- All-day ergonomics await. Ducati strikes a good balance with the ergos, bringing the handlebar back 2.6 inches closer to the rider, plus nudging the footpegs 1.4 inches rearward and nearly a half-inch lower, creating a relaxed and upright riding position. But stick your elbows out, and it’ll go for a tussle in the canyons with ease. That front-frame design allows the Monster to have a waist slimmer than most runway models, making the plushy seat’s 32.3-inch feel much lower than it is. Ducati is taking things a step farther for shorter riders, offering a low seat (31.5 inches; $160) and a low seat and a suspension lowering kit (30.5 inches; $300).
- But wait, there’s more on ergonomics. Heck, this one needed its own paragraph because complaints about narrow lock-to-lock steering are well-documented with prior Monsters. The svelte new Front Frame accommodates a seven-degree wider steering sweep, which makes whipping the Monster around at low speeds a treat.
- A full suite of top-notch electronics is standard. Loaded to the gills with tech lifted from the Panigale V4 superbikes, the Monster features three throttle maps (Sport, Touring, and Urban), three-level cornering ABS, eight-level traction control, three-level wheelie control, launch control, and an up/down quickshifter. Cruise control isn’t offered, which is disappointing given this bike’s street focus. Each mode is fully customizable, and I enjoyed the crisp throttle response of Sport with WC set at 1 and TC on the lower end of the spectrum. That allows some controlled front-wheel lofting while exploring the winding roads through the redwoods.
- Brembo four-piston M4.32 calipers and 320mm rotors offer loads of feel and power. Riders can expect plenty of power from the front brakes and a brisk initial bite to slow things down, with the bonus of an adjustable lever. In the rear, the Brembo two-piston caliper and 245mm rotor are great for correcting lines or navigating urban sprawl.
- Tailor your electronics from a 4.3-inch full-color TFT dash. It seems like manufacturers are in a dash-measuring contest these days, proudly peacocking their colorful TFT displays at the dealer. Well, I am a man of modesty and enjoyed the Monster’s proportional instrument panel. It’s visible in the light, easy to navigate, and can be read at a glance.
- The styling is a new direction for the Monster, but the same classic cues. Ducati designers hold the minimalistic design ethos of the Monster at heart. The prowling posture of the smaller 3.7-gallon fuel tank, along with the classic LED headlight, teases out the Monster silhouette that we all know. It is harder-edged visually these days, which matches its more energetic personality and seems more contemporary. If that isn’t enough, owners can also jazz up their beasts with accessory graphic kits for the plastics. However, if you’re a diehard trellis frame fanboy, you are out of luck.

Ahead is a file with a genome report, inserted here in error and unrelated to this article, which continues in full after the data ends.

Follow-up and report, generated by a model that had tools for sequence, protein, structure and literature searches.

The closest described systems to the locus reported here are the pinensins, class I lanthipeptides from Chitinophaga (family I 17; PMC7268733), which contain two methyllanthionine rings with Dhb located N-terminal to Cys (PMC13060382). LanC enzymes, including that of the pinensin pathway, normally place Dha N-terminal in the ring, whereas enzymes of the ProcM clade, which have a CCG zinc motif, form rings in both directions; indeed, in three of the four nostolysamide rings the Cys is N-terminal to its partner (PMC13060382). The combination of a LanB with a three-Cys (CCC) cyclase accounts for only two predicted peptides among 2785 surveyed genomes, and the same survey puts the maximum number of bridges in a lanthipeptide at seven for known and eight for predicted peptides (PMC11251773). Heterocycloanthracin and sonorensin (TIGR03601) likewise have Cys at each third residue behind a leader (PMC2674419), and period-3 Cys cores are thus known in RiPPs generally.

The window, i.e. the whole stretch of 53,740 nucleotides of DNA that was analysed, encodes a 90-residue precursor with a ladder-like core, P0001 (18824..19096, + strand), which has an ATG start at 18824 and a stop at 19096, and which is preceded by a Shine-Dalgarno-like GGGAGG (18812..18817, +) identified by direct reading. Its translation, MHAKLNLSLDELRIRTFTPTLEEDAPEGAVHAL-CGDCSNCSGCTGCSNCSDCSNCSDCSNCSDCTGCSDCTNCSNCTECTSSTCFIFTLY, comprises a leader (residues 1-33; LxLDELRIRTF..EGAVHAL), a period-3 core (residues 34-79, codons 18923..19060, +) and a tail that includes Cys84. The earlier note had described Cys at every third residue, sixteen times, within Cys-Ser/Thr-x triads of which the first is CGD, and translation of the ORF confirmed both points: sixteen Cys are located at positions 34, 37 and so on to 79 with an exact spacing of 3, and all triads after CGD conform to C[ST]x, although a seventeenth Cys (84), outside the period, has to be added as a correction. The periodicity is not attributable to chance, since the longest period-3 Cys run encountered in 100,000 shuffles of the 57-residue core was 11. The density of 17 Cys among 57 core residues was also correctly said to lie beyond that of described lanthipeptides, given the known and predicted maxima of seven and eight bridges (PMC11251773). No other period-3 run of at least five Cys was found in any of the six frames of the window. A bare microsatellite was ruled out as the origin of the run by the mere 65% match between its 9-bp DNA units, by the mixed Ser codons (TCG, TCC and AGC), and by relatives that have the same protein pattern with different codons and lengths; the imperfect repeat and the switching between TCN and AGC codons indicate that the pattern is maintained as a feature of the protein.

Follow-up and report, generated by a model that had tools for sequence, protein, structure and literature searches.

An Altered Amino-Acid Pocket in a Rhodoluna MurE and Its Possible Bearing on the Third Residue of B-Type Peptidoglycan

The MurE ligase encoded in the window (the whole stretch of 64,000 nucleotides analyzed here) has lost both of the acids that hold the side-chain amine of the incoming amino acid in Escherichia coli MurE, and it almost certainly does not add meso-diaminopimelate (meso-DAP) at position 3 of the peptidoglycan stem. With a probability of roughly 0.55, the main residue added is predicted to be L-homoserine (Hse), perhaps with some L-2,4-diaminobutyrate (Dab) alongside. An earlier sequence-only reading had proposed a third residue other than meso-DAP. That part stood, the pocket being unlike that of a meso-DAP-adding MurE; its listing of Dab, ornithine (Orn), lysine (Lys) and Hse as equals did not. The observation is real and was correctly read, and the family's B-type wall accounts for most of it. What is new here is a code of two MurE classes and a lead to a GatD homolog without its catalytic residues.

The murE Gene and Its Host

- Welcome to 2021 and the Monster of the Future. The 2021 Ducati Monster represents a huge step forward for the famed series, thanks to the 40-pound weight savings, advanced electronics, and spunky L-twin engine. As different as the new Monster is, it has always been greater than the sum of its parts. It still fills a crucial role in Ducati’s overall lineup with fun yet accessible power and a sweet-handling chassis. The ergonomics improvements and advanced rider aids are just more incentives for those looking to bathe in Ducati Red to finally take the plunge.
2021 Ducati Monster Specs
- Type: Testastretta 11° L-twin
- Displacement: 937cc
- Bore x stroke: 94 x 67.5mm
- Maximum power: 111 horsepower @ 9250 rpm
- Maximum torque: 69 ft-lbs @ 6500 rpm
- Compression ratio: 13.3:1
- Fueling: EFI w/ 53mm throttle bodies
- Valvetrain: Four desmodromically actuated valves per cylinder
- Transmission: 6-speed w/ up/down quickshifter
- Clutch: Assist-and-slipper, hydraulically actuated
- Final drive: Chain
- Frame: Aluminum Front Frame
- Subframe: Fiberglass w/ polymer reinforcement
- Front suspension; travel: Non-adjustable 43mm inverted fork; 5.1 inches
- Rear suspension; travel: Linkage-assisted spring-preload adjustable shock; 5.5 inches
- Wheels: Cast aluminum
- Front wheel: 17 x 3.5
- Rear wheel: 17 x 5.5
- Tires: Pirelli Diablo Rosso III
- Front tire: 120/70 x 17
- Rear tire: 180/55 x 17
- Front brakes: 320mm semi-floating discs w/ radially mounted Brembo M4.32 4-piston calipers and axial pump
- Rear brake: 245mm disc w/ 2-piston floating caliper
- ABS: Cornering-aware
DIMENSIONS and CAPACITIES
- Wheelbase: 58.0 inches
- Rake: 24 degrees
- Trail: 3.7 inches
- Seat height: 32.3 inches
- Fuel capacity: 3.7 gallons
- Curb weight: 414 pounds
- Colors: Ducati Red; Dark Stealth; Aviator Grey
2021 Ducati Monster Price: $11,895 MSRP